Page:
Nearby was Ice in a Bucket, an accessories store for those who want bracelets and scrunchies to coordinate with their outfits. Be warned, though: your wardrobe should mostly be pink, as this is the predominant colour of Ice in a Bucket’s products. I also spent a lot of time in Dótabúðin (The Stuff Store), a toy store for the four-to-ten crowd. Sure, there were puzzles, board games and toy guns, but what caught my fancy was Schleich (German for “Slink”), a collection of plastic farm animals for a trifling 425 ISK. You heard it here first: these items will soon be adorning office desks around the country.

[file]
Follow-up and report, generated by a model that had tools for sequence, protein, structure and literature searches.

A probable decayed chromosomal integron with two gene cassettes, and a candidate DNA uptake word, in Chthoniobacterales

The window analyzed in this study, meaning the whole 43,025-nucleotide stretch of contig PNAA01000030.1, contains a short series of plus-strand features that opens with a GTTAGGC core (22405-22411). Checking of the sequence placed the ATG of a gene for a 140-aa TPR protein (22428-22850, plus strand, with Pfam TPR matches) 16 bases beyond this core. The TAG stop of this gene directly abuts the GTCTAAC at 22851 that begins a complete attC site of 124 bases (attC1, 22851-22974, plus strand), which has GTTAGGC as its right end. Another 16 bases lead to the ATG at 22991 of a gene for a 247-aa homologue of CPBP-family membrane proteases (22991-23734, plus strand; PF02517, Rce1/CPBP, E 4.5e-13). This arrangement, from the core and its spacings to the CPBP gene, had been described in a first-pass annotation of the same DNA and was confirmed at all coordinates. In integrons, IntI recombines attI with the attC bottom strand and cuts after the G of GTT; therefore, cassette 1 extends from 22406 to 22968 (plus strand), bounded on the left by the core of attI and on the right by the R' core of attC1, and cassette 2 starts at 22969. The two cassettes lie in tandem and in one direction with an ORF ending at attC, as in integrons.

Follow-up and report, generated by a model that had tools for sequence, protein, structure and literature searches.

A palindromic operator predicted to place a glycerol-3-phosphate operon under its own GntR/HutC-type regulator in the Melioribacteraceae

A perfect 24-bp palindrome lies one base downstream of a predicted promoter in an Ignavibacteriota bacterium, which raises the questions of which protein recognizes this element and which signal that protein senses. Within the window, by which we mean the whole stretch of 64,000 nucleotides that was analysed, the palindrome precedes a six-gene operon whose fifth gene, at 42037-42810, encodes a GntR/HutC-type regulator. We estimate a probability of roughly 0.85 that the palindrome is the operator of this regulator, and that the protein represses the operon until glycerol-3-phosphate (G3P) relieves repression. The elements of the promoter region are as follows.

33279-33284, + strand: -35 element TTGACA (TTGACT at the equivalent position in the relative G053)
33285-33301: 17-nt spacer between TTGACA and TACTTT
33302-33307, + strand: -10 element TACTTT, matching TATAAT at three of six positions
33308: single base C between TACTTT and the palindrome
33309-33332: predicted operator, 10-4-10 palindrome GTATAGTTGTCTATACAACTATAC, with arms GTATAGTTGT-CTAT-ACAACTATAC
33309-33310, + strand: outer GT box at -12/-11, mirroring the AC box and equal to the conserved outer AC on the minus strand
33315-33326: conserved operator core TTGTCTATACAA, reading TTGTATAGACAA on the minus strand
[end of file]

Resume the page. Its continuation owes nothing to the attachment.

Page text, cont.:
This shopping was working up an appetite, so I went to check out the food court, without a doubt the truest test of any mall’s worth. There I found a TGI Friday’s and a Burger King. For those thinking of their health, there’s also Asian Express, which serves buffet-style meals for under 1000 ISK. There’s also Energia, a small restaurant with a menu dominated by salads, pastas and chicken. Nearby is the sprawling Café Adesso (Italian for “now”), a coffee shop with light fare for a reasonable price. Being the discriminating gourmand that I am, I opted for a double Whopper with cheese, an order of fries, and six chicken nuggets at Burger King.
Smáralind is predominantly a clothes mall, though in many cases it would be hard to tell the shops apart if they didn’t have different names. With this in mind, it should also be noted that the many clothing stores are not the main attractions – those would be Hagkaup, Debenham’s, the movie theatre Smárabíó and the Winter Garden.